“Books want to be read. They’re pretty pointless, otherwise.” – Josephine Myles
There is not a single one among us avid readers who won’t relate in even the tiniest way to Jasper Richardson. At least I hope it’s in the tiniest way; otherwise, you might have a problem. What we would call an addiction to fiction or a healthy obsession, Lewis and Carroll Miller would call a psychological affliction in Jasper, and it’s his affliction that’s at the crux of “Junk”.
Jasper’s a hoarder, you see, but he’s not just any old hoarder. No, Jasper hoards the written word: books, magazines, newspapers. You name it and Jasper has got it in piles from floor to ceiling throughout nearly his entire house. And as a university librarian, he’s got plenty of access to discarded items that he’s more than willing to give a good home, which he feels compelled to do because he can’t bear the thought of them falling into the wrong hands at best or be relegated to a recycling facility at worst. But that’s a mask, a result of something far more painful from Jasper’s past that’s manifesting itself through his hoarding.
Lewis and Carroll are the brother and sister team that Jasper contacts once his despair over the condition of his life hits critical mass, from the depression of living in a home with rooms he can no longer use because the doors are blocked closed by toppled piles of books, to the depression of having a home but no one there to share it with, which throws the emptiness of his life into sharp contrast with the fullness of the walls he lives behind. It took a lot of nerve for Jasper to finally make that first phone call. It took an act of incredible courage to agree to the therapy he’ll need to get to the heart of his hoarding addiction and to confess what lies behind it.
Admitting he has a problem is the first step, and that turns out to be the easiest step in the process of recovery for Jasper, especially when his feelings for Lewis become less than platonic and cause Lewis to pull away in the interest of his professional integrity. But it’s exactly those feelings for Lewis that become Jasper’s compulsion to change, to get his life in order so he can prove his feelings have nothing to do with his recovery and everything to do with the fact he’s fallen in love with a man whose kindness can fill his life better than any book ever could.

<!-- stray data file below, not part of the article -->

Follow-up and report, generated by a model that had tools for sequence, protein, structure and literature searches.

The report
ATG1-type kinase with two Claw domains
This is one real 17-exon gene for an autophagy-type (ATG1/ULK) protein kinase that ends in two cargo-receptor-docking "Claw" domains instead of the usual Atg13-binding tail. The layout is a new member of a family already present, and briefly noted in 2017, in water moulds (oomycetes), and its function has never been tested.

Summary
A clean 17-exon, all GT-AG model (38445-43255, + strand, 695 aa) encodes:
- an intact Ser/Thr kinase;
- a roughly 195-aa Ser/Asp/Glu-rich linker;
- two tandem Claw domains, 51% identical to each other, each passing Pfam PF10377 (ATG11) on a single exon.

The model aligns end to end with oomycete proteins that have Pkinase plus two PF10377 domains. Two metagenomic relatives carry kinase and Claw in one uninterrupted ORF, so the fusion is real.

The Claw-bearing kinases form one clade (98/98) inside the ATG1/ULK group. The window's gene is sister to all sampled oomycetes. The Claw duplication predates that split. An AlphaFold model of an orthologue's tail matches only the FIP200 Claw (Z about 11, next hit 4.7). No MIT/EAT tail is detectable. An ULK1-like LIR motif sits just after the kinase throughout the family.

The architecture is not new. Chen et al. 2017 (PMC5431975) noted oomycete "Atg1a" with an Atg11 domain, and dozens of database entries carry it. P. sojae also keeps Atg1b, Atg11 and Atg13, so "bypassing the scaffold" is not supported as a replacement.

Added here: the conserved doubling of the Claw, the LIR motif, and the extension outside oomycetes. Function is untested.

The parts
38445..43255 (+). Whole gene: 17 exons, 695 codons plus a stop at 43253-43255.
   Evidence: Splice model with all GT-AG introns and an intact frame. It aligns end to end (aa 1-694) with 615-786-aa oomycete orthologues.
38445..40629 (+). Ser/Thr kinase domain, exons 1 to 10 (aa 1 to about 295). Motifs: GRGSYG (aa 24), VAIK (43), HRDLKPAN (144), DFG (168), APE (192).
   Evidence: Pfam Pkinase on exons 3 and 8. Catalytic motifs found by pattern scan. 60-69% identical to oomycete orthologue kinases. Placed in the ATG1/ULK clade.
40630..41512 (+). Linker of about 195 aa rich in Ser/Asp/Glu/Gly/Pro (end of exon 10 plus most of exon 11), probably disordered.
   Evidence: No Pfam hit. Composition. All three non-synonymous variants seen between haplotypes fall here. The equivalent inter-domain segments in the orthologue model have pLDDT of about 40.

Who’d have ever thought that a book about a man who lives in a house with mildewed walls and windows, and stacks of outdated newspapers and magazines and books he’ll never, ever read could turn out to be a story that would totally win my heart? Josephine Myles made it happen almost instantly, in my affection for Jasper and my empathy for the love of his paper and ink stash. Were it not for e-readers, I imagine there are many of us whose homes would be overrun with the books we devour. It’s an obsession we all understand, and it made Jasper so relatable.
Though it wasn’t easy, Lewis helps Jasper recover control of his life, but Jasper also helps Lewis find a happiness that has always eluded him. These two men were made for each other, like a closed book just waiting for the right someone to come along and open it up to see and love all the secrets it holds inside.
This is another Josephine Myles novel I wouldn’t hesitate for a second to recommend. This new cast of characters is just that, complete characters whose quirks and idiosyncrasies made this book both fun and heartwarming to read. Plus, there are a couple of characters who show up that you may just recognize from the short story “When In Amsterdam…” from the anthology Winter Warmers. I loved that crossover a lot.
Reviewed by: Lisa